Six species of "camels" exist in the world today: the llama (Lama glama) and alpaca (Lama pacos) were domesticated in South America 4-5 thousand years ago, while the guanaco (Lama guanicoe) and vicuna (Vicugna vicugna) still exist in the wild. The more familiar bactrian camel (Camelus bactrianus) of Asia and the African dromedary camel (Camelus dromediarus) make up the balance of the camelids. The four species of South American camelids are ancestors of "llama-like" creatures that stalked North America in the Pliocene Epoch. As their resources depleted they moved south toward South America while their relatives, the camels, went east to Asia and Africa.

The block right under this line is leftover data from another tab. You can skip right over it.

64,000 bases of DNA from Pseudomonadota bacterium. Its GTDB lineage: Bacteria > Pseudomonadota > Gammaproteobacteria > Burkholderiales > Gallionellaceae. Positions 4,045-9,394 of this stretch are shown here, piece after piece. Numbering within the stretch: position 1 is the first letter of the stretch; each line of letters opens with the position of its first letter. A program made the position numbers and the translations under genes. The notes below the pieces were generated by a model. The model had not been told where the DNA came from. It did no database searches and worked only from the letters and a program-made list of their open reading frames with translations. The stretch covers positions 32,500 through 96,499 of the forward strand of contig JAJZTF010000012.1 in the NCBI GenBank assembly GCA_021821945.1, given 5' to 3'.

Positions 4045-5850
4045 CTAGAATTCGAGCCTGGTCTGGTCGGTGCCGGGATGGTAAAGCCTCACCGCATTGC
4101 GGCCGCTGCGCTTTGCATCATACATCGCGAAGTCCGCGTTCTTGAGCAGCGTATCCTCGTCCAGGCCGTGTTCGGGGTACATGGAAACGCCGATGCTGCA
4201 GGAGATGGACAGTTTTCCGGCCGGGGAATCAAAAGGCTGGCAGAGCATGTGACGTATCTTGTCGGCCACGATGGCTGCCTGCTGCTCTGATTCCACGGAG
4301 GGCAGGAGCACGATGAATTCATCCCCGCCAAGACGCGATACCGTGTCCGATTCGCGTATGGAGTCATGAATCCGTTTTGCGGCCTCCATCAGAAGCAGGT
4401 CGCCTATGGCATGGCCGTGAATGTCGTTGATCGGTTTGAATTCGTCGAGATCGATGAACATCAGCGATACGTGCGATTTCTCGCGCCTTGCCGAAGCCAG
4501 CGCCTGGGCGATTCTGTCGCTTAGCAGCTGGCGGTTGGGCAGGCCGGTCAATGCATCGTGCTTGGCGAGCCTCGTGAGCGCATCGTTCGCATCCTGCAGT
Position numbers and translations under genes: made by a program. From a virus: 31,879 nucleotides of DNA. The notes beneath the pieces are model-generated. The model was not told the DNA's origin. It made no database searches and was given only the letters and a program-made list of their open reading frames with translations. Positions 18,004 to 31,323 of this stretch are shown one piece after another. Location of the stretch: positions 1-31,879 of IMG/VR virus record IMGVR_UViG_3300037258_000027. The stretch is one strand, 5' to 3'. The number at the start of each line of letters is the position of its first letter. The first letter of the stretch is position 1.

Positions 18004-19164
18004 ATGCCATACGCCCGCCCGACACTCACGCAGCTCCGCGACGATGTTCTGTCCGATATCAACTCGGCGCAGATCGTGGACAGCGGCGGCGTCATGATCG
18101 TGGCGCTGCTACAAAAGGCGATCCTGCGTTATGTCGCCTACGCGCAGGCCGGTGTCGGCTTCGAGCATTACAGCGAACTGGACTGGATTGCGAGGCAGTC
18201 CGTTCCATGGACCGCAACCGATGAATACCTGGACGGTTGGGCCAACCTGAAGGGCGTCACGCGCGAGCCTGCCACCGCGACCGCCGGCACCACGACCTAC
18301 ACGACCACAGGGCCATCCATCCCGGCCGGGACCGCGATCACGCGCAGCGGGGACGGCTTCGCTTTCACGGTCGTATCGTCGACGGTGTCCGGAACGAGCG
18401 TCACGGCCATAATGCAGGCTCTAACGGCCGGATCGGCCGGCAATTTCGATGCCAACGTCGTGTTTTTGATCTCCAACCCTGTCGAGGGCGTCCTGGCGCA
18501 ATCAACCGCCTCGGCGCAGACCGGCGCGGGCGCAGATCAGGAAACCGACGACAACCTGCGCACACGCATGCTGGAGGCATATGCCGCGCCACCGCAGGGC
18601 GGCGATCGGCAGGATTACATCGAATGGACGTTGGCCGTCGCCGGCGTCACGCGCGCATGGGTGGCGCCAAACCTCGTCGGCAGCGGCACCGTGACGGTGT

Smith, Timothy M.
"Reproduction in South American Camelids,"
Iowa State University Veterinarian: Vol. 47
, Article 6.
Available at: https://lib.dr.iastate.edu/iowastate_veterinarian/vol47/iss2/6